Work Requirements Are Paperwork Requirements

The GOP poverty agenda would expand the administrative state.
Alex Wong via Getty Images

Complying with a “work requirement” in order to receive federal benefits is about more than just getting a job.

Republicans want more adults who receive benefits through the Supplemental Nutrition Assistance Program, often called food stamps, to work 20 hours per week or enroll in a training program in order to keep their benefits. People who do work that much could still lose their benefits if they fail to do the additional work of filing documentation of their time.

The proposal Republicans offered in the U.S. House of Representatives would reduce SNAP enrollment by 1.2 million over a decade, according to the Congressional Budget Office. The liberal Center on Budget and Policy Priorities, a major critic of the legislation, has said administrative hassle ― rather than an unwillingness to work ― is an important reason work requirements kicked people off a much smaller program known as Temporary Assistance for Needy Families.

Food stamps already have work requirements, and they can be a hassle for some of the program’s 40 million beneficiaries. Take Andrew Rhoades of Rockford, Illinois. He’s a 26-year-old with no dependents or disabilities, so he’s exactly the kind of person the government wants to nudge into a job. He’d previously worked in a shipping warehouse, but the position was temporary. Besides, he had plenty of work to do helping take care of his sister’s young children.

Last year, the state government started requiring Rhoades to turn in a record of his job applications every month in order for him to continue receiving $192 per month in food aid. If he didn’t comply, he could temporarily lose benefits for three to six months.

“I had to fill them out on a piece of paper and take them to the employment office,” said Rhoades, adding that he had to get rides to the office from his sister. “It was annoying.”

Roughly 14 percent of SNAP recipients in 2016 were able-bodied adults registered to work or fulfill state-specified job search or training requirements. A narrower group of adults between the ages of 18 and 49, who don’t have minor children and don’t live in an area with high unemployment, must work at least 20 hours a week to receive benefits beyond an initial three-month period.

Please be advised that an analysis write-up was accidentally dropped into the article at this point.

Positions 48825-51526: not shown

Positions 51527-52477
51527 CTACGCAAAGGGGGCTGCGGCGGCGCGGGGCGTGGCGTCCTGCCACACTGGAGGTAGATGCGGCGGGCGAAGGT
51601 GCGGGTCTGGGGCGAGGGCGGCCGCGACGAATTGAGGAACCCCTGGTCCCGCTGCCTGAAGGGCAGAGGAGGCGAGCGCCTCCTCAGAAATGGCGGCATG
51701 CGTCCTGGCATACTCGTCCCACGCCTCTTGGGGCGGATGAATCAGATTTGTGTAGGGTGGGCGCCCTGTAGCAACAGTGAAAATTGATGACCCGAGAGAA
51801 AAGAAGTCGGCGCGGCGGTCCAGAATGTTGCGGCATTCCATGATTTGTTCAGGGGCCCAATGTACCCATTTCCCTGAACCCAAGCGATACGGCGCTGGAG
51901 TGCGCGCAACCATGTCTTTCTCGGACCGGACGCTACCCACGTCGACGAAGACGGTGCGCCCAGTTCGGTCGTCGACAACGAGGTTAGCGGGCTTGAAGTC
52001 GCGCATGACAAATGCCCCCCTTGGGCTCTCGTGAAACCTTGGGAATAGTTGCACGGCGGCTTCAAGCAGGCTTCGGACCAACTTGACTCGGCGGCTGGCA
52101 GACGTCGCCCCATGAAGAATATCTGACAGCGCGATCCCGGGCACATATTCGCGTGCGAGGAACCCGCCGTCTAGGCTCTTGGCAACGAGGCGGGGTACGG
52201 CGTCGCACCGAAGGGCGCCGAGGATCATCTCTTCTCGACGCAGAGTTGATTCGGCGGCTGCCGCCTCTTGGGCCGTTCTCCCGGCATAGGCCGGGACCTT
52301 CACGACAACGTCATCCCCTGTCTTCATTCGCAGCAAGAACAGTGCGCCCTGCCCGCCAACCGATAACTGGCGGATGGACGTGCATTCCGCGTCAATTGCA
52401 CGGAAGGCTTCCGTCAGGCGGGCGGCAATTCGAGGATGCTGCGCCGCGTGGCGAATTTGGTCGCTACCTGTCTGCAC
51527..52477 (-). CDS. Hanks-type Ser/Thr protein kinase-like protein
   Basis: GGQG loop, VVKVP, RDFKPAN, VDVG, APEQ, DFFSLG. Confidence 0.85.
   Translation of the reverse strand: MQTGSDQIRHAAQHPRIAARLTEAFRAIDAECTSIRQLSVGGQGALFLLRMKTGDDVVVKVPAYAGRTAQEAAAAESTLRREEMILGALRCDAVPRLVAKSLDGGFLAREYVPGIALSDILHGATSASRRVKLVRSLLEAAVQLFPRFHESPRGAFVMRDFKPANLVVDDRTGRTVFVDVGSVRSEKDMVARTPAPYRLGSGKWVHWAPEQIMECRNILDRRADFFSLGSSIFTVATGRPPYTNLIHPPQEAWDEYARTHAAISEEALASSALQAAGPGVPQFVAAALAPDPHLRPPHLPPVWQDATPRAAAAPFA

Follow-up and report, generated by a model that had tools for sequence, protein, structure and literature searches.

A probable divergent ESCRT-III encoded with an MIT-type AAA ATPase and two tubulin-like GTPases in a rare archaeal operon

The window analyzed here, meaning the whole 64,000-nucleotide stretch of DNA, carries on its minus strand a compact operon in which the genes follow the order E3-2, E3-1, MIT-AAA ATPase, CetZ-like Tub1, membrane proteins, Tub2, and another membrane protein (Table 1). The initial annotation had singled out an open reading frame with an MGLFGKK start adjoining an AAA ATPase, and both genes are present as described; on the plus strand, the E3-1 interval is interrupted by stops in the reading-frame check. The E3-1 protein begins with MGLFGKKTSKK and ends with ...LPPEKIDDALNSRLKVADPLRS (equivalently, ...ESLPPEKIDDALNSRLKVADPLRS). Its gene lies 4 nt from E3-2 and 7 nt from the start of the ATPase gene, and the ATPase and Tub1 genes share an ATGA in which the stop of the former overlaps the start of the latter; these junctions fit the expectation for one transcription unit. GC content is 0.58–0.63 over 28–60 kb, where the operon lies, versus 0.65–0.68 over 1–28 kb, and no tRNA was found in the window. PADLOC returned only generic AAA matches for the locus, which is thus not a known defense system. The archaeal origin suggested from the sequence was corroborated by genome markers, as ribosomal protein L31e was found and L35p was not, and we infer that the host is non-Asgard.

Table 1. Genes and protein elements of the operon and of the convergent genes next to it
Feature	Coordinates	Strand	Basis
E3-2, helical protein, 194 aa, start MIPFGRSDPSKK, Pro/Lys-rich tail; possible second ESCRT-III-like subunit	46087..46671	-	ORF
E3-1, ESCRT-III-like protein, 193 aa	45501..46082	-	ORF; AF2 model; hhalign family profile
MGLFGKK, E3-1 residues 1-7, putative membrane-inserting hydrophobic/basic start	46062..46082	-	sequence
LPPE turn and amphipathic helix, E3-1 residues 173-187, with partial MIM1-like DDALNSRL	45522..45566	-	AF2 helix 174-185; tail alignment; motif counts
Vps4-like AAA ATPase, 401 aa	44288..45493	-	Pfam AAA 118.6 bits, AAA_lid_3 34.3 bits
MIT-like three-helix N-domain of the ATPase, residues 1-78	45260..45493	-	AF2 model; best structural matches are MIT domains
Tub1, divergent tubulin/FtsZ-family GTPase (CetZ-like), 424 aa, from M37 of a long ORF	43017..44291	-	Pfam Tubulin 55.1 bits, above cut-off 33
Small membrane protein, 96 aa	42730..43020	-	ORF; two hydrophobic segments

The House bill would make more adult recipients comply with stricter requirements, including monthly reporting of their work activities. About 8 million people, or 20 percent of recipients, could be affected, according to an analysis from the Urban Institute.

The underlying bill failed in a vote last week, largely because of an unrelated fight over immigration. Republican leaders could bring it back next month.

Most food stamp recipients would be unaffected by the proposal because they live in households with children or a disabled or elderly adult ― which can be barriers to holding a job. States generally ask people with disabilities or dependents just to periodically reaffirm that they’re still poor enough to qualify. Even that can be a hassle.

Dicky Neely, 70, previously received $26 per month in SNAP benefits, which he would let accumulate on his electronic benefits transfer card until he had enough for a substantial grocery run. Neely writes novels, but is mainly retired and gets by on Social Security benefits. Earlier this year, the resident of Corpus Christi, Texas, said his SNAP benefits didn’t show up in his account, even though he thought he had submitted his paperwork. He called the Texas Department of Health and Human Services to find out what happened.

“They said, ‘We got your form, but you didn’t sign it,’” he said. “So they cut me off.”

He said the state told him to reapply for food assistance, but he’s not sure it’s worth the effort. “It does help, but man, I’m just so tired of dealing with those people,” he said.

The bureaucratic hassle explains why fewer than a third of people eligible for minimum benefits bother to apply.

Implementing the new work rules could be a challenge for states, too, since they would have to expand job readiness programs that currently serve only 690,000 people. Even after the federal investment in training increases from $110 million to $1 billion annually, by 2028, states would only be able to provide training to 80 percent of the several million food stamp recipients subject to work requirements, according to the CBO.

“How is that a bad thing?” Rep. Glenn Thompson (R-Pa.), one of the main authors of the work requirement provisions, told HuffPost. “I’ll take one victory, one family at a time.”

Rhoades’ case may have been a victory from the government’s perspective. He is a participant in the type of training program that would be scaled up under the Republican bill.

Last year he said he received a notice from the state that made him think he would lose his benefits if he didn’t get a job. Rhoades lives with his sister, Shannon Joslin, and had been helping feed her kids and get them to school every day, but the state told him his childcare services didn’t count as work.

The state’s letter may have been unclear since Rhoades doesn’t live in a county where the strictest work rules are currently in effect. He got a part-time job anyway at the same shipping warehouse where he’d worked before.

The state reduced his benefits to $80 a month because of that income. He likes the work fine, but he said his sister and her husband had to rearrange their schedules since he was no longer around to babysit as much.

“They made me get a job, and that messed everything up for everybody,” Rhoades said.

Joslin, 31, is a cashier at a gas station and said she works about half as many shifts now that her babysitter is busier.

“I had to reschedule everything,” she said. “I only work two days a week now because of that.”

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